Closed Captioning

Closed captioning is the text version of the spoken word on any type of multimedia.  It is synchronized with the content and is part of ADA compliance for online materials.

Who benefits from Closed-Captioning (CC):

  • Deaf or Hearing Impaired: A deaf or hearing impaired student may request accommodations, but not all hearing-impaired students do.  In addition to students, you may have occasions where faculty or staff who are deaf or hard of hearing are viewing your content.
  • Loud Environment: You do not know if the learner’s environment is loud, nor do you know the volume of our videos on other computers. What may be loud on my computer can be quiet on yours. This is important, especially if you are a soft talker.
  • Language fluency:  Captions benefit students who are watching videos that are in their non-native language.  It is important to remember that there are students and faculty where English is not their first language.  Using captions will help second language students and help English students who have a second language professor.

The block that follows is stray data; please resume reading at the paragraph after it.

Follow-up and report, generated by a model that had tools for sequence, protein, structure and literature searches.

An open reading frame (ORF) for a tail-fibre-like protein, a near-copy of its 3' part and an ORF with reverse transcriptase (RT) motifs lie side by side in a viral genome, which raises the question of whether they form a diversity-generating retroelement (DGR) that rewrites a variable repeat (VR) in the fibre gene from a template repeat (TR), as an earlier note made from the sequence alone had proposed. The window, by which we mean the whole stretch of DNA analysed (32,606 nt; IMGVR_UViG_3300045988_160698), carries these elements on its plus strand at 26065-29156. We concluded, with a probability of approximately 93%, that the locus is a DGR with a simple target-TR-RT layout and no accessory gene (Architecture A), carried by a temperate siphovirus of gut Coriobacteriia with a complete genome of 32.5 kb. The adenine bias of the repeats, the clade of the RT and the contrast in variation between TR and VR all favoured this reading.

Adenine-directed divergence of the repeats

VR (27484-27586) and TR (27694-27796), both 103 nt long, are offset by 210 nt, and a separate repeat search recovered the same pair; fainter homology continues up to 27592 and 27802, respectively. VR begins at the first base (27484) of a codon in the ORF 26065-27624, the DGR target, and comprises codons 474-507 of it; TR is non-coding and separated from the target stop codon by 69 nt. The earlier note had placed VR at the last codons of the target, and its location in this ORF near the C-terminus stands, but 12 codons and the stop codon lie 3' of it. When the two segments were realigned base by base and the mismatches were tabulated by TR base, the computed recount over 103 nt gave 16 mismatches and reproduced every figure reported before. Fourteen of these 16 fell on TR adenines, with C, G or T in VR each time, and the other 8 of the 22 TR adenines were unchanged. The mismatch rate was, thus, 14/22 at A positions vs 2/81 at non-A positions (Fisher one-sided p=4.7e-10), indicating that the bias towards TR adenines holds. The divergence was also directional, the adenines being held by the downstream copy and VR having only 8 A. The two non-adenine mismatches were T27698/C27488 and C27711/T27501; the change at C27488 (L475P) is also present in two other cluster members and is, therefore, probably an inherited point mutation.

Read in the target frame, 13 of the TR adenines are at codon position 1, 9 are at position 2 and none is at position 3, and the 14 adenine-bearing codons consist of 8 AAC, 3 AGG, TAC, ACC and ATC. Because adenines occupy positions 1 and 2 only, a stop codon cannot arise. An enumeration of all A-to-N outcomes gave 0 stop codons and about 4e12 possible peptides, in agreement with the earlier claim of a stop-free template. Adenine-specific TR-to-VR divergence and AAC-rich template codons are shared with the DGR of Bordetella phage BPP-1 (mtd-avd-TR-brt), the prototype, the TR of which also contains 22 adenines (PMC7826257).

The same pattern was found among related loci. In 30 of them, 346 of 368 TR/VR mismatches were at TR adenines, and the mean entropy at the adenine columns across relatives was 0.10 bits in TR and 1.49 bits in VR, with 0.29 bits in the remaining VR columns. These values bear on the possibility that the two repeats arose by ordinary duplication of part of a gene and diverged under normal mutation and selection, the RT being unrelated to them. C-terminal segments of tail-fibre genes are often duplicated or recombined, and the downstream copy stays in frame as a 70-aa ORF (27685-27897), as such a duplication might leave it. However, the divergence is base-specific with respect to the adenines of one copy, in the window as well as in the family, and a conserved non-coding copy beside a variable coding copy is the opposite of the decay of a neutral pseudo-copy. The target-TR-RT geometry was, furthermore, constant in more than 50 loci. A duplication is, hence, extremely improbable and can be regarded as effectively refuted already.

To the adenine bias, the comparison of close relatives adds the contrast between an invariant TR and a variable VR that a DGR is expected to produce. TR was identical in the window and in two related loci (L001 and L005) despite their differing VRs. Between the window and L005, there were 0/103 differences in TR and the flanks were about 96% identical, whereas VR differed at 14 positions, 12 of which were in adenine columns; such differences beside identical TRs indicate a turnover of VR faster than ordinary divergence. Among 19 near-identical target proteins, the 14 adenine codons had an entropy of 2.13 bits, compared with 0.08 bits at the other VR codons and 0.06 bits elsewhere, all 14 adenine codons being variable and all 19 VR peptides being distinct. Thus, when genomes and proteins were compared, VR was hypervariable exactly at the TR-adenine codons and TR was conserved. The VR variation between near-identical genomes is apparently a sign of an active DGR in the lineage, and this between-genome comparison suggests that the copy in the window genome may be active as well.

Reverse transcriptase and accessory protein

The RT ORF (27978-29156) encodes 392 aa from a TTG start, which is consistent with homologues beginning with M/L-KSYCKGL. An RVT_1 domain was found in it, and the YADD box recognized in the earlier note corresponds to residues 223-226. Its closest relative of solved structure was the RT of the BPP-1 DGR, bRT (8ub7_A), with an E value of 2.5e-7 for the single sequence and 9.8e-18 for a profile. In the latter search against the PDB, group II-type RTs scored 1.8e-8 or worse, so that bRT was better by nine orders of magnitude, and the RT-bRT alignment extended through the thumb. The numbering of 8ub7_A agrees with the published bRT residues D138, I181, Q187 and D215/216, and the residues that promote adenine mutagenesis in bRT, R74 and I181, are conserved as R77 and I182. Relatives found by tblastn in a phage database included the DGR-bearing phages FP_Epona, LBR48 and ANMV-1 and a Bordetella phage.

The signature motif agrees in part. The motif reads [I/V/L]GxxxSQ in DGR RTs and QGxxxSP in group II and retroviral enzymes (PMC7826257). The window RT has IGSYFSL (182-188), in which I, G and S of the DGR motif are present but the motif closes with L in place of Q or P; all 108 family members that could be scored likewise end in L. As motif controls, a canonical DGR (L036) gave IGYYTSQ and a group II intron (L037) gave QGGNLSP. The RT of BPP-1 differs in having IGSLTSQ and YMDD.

• Cognitive or learning disabilities: 

All of the issues above can easily be met with closed captioning as you create your learning videos. It is less time-consuming to do it now than it is to get an accommodation letter and have to scramble to meet the needs.

You can use YouTube for captioning, but the accuracy rate is around 80%. However, you can edit your transcripts to create 100 % accuracy.

Are you interested in learning more about the benefits of Closed Captioning?
If so, check out the links and readings below!

Video Captions benefit everyone:


Teaching Online: Course Design, Delivery, and Teaching Presence Copyright © by Analisa McMillan. All Rights Reserved.

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